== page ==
Screened at the London Film Festival in 2014, and still awaiting a British release (according to Amazon one is scheduled for January 2016, Camp X-Ray is an independent film about the war on terror that already feels like a historical artefact.
The camera slowly pulls back from the burning north tower of the World Trade Centre revealing the image as playing on a TV. A man enters the room and empties a bag of cellphones as the sound of adhān drifts through an open window. This anonymous individual is suddenly seized by shadowy figures who pull a hood over his head. A bewildering series of quick cuts then career him and the viewer across air, sea, and land and into a cage in Guantanamo Bay.
This is an arresting opening but sadly the film that follows quickly becomes becalmed on a sea of good intentions. The bulk of Camp X-Ray takes place eight years later and concerns the experiences of a raw army cadet Pvt. Amy Cole (Stewart) posted to guard duty in the notorious detention camp. Starting with Cole’s first day on the job allows writer/director Peter Sattler to take his audience into the camp, and gives a credible reason for the exposition that sets out the strange Heller-esque terminology the Army uses to normalise its activities. Those held in Gitmo’s cells must never be referred to as ‘prisoners’ always ‘detainees’. Cole is not that green that she isn’t able to tell a naïve colleague that this is because prisoners are subject to the Geneva Convention.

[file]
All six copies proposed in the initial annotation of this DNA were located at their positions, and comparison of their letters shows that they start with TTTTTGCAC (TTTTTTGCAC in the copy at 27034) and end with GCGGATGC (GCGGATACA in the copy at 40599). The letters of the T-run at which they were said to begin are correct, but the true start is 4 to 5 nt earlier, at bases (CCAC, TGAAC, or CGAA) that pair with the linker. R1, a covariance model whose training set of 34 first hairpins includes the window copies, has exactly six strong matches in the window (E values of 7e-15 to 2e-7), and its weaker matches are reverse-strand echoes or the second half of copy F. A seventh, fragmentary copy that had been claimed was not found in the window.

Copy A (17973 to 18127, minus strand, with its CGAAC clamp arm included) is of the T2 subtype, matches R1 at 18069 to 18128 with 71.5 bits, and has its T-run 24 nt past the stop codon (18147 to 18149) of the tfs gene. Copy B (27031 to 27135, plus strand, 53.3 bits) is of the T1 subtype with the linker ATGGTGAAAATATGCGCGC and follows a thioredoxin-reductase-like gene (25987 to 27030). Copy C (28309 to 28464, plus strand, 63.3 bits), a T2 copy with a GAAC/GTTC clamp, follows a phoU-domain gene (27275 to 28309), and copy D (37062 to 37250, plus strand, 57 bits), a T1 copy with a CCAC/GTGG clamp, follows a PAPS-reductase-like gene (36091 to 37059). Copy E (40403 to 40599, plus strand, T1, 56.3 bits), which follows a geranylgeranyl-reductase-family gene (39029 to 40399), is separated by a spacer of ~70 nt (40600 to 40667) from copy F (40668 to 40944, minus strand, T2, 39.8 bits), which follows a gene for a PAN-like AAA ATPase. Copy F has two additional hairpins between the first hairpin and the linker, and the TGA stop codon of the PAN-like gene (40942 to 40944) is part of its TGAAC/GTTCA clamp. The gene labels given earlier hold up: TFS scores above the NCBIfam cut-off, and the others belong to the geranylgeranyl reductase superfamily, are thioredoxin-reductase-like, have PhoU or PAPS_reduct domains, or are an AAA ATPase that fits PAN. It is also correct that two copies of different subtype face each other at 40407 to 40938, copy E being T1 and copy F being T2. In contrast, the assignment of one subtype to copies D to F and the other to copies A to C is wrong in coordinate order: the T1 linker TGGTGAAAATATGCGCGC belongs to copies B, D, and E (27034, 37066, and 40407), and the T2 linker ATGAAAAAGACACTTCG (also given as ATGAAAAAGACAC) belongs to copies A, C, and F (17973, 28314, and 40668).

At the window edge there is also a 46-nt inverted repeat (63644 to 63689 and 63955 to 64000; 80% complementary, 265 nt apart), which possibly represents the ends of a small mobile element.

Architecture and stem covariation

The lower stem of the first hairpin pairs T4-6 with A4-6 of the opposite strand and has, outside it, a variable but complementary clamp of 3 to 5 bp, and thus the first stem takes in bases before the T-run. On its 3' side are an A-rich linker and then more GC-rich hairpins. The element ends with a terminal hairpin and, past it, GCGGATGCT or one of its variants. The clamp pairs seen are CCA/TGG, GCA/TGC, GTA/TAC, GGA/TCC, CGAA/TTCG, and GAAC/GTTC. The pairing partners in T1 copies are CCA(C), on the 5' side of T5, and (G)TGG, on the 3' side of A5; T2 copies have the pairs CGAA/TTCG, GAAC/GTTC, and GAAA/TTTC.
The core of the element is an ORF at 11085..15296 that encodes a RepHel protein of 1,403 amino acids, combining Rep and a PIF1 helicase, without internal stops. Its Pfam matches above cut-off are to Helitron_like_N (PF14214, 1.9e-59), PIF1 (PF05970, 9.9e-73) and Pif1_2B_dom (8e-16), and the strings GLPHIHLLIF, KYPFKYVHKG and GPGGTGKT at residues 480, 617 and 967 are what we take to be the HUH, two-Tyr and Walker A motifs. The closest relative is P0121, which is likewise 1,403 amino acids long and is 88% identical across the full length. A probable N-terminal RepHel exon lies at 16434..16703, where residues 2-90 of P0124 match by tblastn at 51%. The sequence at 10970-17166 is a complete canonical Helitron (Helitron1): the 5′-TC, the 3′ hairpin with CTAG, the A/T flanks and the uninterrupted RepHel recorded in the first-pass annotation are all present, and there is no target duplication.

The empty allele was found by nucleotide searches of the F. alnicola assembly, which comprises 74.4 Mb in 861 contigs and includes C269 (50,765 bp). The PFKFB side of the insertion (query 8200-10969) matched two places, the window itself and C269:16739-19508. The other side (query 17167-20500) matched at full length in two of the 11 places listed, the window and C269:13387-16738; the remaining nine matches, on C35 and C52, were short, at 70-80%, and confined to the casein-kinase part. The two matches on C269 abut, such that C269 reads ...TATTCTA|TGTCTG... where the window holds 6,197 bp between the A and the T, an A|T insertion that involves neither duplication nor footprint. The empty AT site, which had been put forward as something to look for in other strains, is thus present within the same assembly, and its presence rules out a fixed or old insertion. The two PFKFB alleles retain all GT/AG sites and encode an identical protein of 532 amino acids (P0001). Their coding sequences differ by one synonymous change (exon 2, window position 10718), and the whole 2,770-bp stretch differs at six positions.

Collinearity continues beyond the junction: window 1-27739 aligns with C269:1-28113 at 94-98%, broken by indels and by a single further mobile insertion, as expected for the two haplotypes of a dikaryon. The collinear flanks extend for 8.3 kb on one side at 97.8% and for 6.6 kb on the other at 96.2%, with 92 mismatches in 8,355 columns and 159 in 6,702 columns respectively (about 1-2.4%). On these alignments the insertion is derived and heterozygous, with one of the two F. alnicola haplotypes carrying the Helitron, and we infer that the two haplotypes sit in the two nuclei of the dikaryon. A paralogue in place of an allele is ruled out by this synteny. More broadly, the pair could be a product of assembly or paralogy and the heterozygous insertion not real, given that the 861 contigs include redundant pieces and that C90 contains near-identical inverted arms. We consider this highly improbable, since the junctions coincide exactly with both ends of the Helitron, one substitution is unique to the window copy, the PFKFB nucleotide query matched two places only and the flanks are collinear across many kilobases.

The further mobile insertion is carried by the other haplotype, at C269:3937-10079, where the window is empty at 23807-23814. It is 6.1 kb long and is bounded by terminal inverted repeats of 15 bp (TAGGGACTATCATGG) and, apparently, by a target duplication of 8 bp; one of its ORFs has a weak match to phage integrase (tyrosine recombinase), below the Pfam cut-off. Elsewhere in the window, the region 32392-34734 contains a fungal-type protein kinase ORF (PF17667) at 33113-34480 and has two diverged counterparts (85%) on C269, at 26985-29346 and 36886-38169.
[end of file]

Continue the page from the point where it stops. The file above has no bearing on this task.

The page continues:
Initially Cole is keen to make an impression. Her status as a woman in the military is clearly a force that drives her to immediately volunteer for a detail subduing an agitated detainee. And she is no less eager to display the cuts and bruises she sustains during this action as a badge of honour. Her attitude changes as she very slowly forms a relationship with an inmate Ali (Moaadi) – the character from the film’s opening. This gets off to a rocky and grossly scatological start but gradually develops into a mutual journey of discovery awakening her ability to feel empathy for her charges who the Army classifies only by number.
Sattler is good at building up an accumulation of detail to expose the stultifying bureaucratic purgatory of the base for the jailer and jailed alike. The inmates do not have anything to do but pray and read the small selection of censored books and month old newspapers Cole wheels around in a library cart. The soldiers spend their off-duty time getting drunk and skyping home.
Performances are fine. Stewart continues to be an intriguing screen presence exhibiting a strange discomfort in her own skin that works well for this role. Moaadi does his best to give some nuance to his character despite the film’s refusal to give him any back story. There is even some slight and bitter humour to be discovered in a running plot-line about Ali’s frustration at the library’s failure to stock the final Harry Potter novel. However, the culmination of this plotline is both groan inducingly obvious and dramatically disingenuous (no spoilers, but the small ray of light found at the end of the movie is hardly credible).
Despite the decent performances and Sattler’s eye for framing his shots nicely Camp X-Ray feels unfortunately shallow and trite. The film raises several topics, the war on terror, the morality of rendition, the treatment of women in the military, then fails to examine any of them in depth. This is a film about very recent history, events that are bearing terrible fruit today, and yet it feels already irrelevant. A curious period piece. Ultimately the moral and political theme of the film seems scarcely deeper than the Depeche Mode lyric ‘people are people tell me why can it be, you and I should get along so awfully?’
This review was originally published on the Verite Film Magazine blog (RIP).